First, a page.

Methods in Outcomes Research. Workshop. New Orleans, USA, 1998.
Systematic reviews have a central role in evidence-based medicine.
The quantitative systematic review, also known as meta-analysis, provides a logical structure for quantifying evidence and for exploring bias and diversity in research systematically.
It is essential that clinicians, educators, and researchers understand the methods that comprise this research tool, particularly the basic step-by-step process, and know when numerical pooling of data is appropriate.
The essay describes how systematic reviews are best conducted and when statistical pooling of data is appropriate.
Systematic reviews are scientific investigations with planned methods that use original studies as subjects and synthesize the results of multiple studies using strategies to limit bias and random error.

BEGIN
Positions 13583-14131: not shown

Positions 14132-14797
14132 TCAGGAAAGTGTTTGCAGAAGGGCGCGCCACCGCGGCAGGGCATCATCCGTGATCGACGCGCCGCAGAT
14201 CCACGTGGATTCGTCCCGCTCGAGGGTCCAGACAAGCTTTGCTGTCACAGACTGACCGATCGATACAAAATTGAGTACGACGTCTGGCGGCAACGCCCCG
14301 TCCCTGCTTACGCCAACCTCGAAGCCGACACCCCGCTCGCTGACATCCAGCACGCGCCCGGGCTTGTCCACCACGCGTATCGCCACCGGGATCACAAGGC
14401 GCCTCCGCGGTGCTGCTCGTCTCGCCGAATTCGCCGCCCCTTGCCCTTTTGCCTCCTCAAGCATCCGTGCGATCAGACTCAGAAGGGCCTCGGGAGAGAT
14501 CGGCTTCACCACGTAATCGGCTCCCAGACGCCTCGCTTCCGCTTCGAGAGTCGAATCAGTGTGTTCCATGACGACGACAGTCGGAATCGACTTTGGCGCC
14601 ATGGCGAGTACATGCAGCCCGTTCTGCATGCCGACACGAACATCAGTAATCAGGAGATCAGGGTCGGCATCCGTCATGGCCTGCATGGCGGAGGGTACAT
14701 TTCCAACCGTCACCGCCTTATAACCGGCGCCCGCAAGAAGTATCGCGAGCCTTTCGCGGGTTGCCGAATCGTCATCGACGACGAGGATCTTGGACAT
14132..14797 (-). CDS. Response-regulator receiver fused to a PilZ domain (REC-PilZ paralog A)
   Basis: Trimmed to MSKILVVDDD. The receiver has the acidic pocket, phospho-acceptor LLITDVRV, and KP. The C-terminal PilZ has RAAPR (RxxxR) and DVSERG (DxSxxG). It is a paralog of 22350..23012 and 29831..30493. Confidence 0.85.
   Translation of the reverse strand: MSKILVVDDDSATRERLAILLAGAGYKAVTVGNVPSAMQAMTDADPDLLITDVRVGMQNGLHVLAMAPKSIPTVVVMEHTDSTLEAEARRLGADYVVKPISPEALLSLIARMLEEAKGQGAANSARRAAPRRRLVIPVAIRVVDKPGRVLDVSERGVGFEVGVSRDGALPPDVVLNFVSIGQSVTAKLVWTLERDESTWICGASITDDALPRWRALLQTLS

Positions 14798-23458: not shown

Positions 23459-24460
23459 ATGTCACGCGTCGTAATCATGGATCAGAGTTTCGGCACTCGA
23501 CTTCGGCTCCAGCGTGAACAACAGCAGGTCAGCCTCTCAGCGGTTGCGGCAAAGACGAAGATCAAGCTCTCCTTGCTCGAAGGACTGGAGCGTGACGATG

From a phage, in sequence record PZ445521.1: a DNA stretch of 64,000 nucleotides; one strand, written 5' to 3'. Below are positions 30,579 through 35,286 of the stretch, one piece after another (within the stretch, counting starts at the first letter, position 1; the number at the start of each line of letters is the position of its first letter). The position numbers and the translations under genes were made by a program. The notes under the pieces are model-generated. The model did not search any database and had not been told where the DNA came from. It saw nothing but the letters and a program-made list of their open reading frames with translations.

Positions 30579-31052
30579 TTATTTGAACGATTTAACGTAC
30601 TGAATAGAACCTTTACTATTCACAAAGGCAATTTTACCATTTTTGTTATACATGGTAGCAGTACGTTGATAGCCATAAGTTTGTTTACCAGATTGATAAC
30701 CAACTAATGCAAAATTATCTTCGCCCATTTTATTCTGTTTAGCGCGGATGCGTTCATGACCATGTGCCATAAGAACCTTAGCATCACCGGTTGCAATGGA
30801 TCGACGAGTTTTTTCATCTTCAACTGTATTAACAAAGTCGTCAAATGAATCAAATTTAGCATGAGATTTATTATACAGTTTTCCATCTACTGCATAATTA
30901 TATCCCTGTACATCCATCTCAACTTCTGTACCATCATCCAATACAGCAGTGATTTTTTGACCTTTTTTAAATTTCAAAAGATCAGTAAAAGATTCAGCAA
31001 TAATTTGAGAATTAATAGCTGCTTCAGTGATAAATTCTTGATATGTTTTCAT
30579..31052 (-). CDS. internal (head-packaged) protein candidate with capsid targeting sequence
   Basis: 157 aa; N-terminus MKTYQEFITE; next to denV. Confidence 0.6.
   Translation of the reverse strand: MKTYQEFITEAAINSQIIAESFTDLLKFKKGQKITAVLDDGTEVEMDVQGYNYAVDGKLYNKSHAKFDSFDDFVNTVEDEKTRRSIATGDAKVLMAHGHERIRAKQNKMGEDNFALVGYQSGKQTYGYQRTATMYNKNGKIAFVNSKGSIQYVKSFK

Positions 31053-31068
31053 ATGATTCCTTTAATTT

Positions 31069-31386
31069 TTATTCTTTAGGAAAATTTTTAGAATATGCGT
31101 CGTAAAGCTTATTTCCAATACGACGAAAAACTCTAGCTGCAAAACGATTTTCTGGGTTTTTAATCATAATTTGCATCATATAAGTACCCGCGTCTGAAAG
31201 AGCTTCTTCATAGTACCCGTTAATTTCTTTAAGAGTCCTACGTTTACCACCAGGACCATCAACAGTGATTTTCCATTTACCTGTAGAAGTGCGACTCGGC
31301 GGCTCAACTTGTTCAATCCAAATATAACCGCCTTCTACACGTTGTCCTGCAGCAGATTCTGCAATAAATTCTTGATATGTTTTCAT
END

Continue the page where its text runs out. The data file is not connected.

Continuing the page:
This process requires judgments to be made explicit, and should be question driven, protocol based, reproducible, and comprehensive in scope.
Meta-analysis provides a framework for research synthesis, increases power and precision, provides an overall estimate and range of effect, and identifies greater-than-expected variability among study results (heterogeneity).
Meta-analysis does not remove subjectivity from the process of synthesis, identify sources of variability among studies, or obviate the need for sound, compassionate clinical reasoning.
Statistical heterogeneity should be anticipated and welcomed. (...)
Mots-clés Pascal : Métaanalyse, Santé, Maladie, Synthèse documentaire, Indication, Intérêt, Méthodologie, Article synthèse, Homme, Science information
Mots-clés Pascal anglais : Metaanalysis, Health, Disease, Documentation synthesis, Indication, Interest, Methodology, Review, Human, Information science
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Inist-CNRS - Institut de l'Information Scientifique et Technique
Cote : 99-0336193
Code Inist : 002B28F. Création : 16/11/1999.